Tag Archives: cancer

Be Leaving a Legacy (5th Anniversary)

December 26th, 2013 7:00am

The lady that will leave the largest legacy in my life left the earth.

Five years ago.

She breathed her last breath.

My dad at her side.

My boys and I sleeping at her house.

December 26th, 2018 7:00am

I set an alarm.

I woke and took a deep breath.

I began to ponder this adventure we have created these last five years and I must admit that I am shocked it has been five years living on this earth without my mama.

Some days, my breath gets taken away with grief and it seems like just moments ago that I was told that my mom had died. Other days, it feels like she has been gone for a hundred years. It truly is like the disciple Peter says: “With the Lord a day is like a thousand years, and a thousand years are like a day. “

On days like today, I am able to look back and see five distinct legacies that my mom created for me and my boys:

  1. My Mama was thoughtful! She was incredibly present with her people and truly saw how she could add value to their everyday life. She used her “spidey sense” to buy the best gifts. She really saw people and what they needed. Most days, she was the gift people needed.
  2. My Mama was a “mover”! She was cycling in Mallorca, Spain eight months before she died, cycling up to 90km per day. If she said that she was going to do something, she did it. Plain and simple. Joanna, “I was to learn Spanish!” Boom, at 65 years old she signed herself up for a Spanish class. My Mama was an athlete her whole entire life from living on the farm, to playing basketball, to being one of the first moms to join a gym and finally her passion for cycling, hiking and cross country skiing. My mama was woman of her word and a mover to boot.
  3. My Mama was creative! Whether it was when she was quilting, creating in the kitchen or working in her garden, my mom always added her own flare to what she was doing. She was never afraid to try new recipes or create something with our boys, even if it involved sparkles. My Mama was a creator.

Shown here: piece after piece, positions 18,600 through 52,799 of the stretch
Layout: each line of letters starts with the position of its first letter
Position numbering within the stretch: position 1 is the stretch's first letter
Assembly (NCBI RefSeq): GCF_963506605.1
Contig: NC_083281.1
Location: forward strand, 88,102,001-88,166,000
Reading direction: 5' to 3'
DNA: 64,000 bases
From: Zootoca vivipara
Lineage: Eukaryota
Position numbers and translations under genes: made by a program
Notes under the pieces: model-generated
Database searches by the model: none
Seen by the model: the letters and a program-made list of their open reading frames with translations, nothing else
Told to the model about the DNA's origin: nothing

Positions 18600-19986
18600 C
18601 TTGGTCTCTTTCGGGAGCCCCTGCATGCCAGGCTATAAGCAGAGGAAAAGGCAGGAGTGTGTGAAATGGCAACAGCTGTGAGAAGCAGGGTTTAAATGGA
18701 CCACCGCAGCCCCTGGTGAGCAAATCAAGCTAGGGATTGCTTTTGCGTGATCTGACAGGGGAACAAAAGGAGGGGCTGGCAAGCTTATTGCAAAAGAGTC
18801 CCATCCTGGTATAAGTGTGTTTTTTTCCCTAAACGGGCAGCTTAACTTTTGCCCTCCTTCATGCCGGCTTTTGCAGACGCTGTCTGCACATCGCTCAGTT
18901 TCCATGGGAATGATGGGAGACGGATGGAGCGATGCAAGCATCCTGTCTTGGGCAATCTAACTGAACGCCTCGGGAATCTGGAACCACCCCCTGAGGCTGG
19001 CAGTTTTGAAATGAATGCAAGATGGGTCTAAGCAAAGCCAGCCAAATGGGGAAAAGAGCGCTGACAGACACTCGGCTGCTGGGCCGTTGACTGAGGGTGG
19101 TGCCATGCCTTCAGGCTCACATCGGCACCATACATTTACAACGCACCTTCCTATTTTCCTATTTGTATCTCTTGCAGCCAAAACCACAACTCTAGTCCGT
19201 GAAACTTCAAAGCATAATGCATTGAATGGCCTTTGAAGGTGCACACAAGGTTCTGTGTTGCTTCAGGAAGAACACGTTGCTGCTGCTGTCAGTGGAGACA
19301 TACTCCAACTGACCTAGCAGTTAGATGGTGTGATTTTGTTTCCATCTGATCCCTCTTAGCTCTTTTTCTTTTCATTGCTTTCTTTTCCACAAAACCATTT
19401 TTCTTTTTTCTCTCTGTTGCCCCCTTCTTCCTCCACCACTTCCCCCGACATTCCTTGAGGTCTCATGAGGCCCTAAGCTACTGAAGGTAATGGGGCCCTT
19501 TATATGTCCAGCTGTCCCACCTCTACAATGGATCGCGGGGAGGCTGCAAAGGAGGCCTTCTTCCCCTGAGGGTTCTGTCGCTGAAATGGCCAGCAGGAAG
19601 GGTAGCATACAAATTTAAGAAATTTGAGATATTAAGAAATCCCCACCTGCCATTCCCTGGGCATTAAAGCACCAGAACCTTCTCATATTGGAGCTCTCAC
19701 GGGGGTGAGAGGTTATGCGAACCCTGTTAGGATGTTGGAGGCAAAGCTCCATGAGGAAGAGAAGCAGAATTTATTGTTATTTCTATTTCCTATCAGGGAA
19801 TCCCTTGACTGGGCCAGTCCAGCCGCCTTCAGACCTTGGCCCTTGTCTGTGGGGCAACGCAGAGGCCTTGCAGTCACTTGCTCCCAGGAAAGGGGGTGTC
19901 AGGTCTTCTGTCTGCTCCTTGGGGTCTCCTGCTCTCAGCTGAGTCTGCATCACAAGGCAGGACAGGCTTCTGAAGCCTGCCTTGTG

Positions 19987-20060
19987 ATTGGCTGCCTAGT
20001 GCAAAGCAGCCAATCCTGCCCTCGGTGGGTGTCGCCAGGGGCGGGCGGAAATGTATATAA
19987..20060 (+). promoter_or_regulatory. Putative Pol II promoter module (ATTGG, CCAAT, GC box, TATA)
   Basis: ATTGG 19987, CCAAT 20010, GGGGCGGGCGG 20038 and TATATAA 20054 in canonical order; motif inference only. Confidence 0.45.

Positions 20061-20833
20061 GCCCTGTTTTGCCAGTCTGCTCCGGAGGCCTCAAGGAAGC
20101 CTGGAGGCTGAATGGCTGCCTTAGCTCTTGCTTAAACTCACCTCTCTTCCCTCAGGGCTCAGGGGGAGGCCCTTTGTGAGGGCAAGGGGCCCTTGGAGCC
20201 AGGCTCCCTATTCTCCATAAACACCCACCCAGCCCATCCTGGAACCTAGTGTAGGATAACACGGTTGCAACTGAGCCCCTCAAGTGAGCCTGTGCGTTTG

4. My Mama was not perfect! She was the person who gave me permission to be perfectly imperfect. I saw her shed tears over the things that her relatives chose to do to her and I saw her unsure at how to respond. I saw her get angry and apologize. I heard her speak about other people and also then apologize. I watched her when I was younger as she moved jobs and share what it was really like to work as a teacher in an antiquated system. My Mama was a human “being”.
  5. My Mama was LOVE! At 7:00am in the morning when the boys wanted to watch cartoons, she would let them crawl into bed with her. Whenever we showed up at her front door, my Mama always gave the very best hugs and made space for us in her life. Every time, I needed to talk with her, she listened. She listened really, really well. Time. Hugs. Listening. And so much more than my simple words can convey. Who could ask for anything more? Pure love!

Today on December 26th, we put on our skinny skis and went down the nordic trails to remember my Mama and my boys’ super Nana. We talked about the legacy that she has left for each of us. We cried. We laughed. We sent a balloon up to heaven. In rememberance. As a symbol of our connectness and the legacy that will never leave each of us.

With gratitude for every moment that I could spend with my Mama here on earth.

For the legacy she left.

With gratitude for the Mama that I now get to be for my boys.

For the legacy I will leave.

Thoughtful.

Mover.

Creative.

Imperfect.

LOVE.

And the greatest of these is love.

Unconditional.

Unwavering.

Unforgettable.

LOVE.

Remembered on the trails today.

And every day as we live out our legacy now!

Leave a beautiful, imperfectly perfect legacy my friends.

Love, Joanna

Be Living A Brut-iful Life!

img_8886 As I sit, ponder and let my mind wander, I think of all of you reading this 2017 message. Each of my Facebook friends and all 996 of you that follow my blog. I want to pour out extra love to everyone going through their sprinkling of brutal and beautiful as I did three years ago.  Couldn’t that be all of us?  Isn’t life imperfectly perfect?  What a brut-iful life we are living here in the stunning Okanagan Valley!  A sprinkle of brutal, but ALWAYS beautiful!

Three years ago, I walked with my mom as she was being released into heaven.  I walked as a daughter, an advocate, a pain reliever, a massager, a water getter, a midwife and had to make phone calls that I never thought I would have to, I think back at how brut-iful these moments were.  Brutal moments where I just have to lie down and cry and beautiful moments where I lie down and rejoice!  All magically weaved together into living each day with the gift of grief.

My boys were playing in their “Astronomer’s Lair” a few days ago, and I was very surprised to walk in and see them playing with old Tupperware bins.   I experienced one of my brut-iful moments when they proceeded to inform me that the extra bed was a place for their beloved Nana.  It was a lying down rejoicing and crying kind of moment!  The boys were 2, 4 and 6 when my marvelous Mama went to heaven, but she is still very much present in our lives!   It is slowly moving from brutal memories into beautiful moments.  Don’t underestimate your power to leave an impact on peoples lives!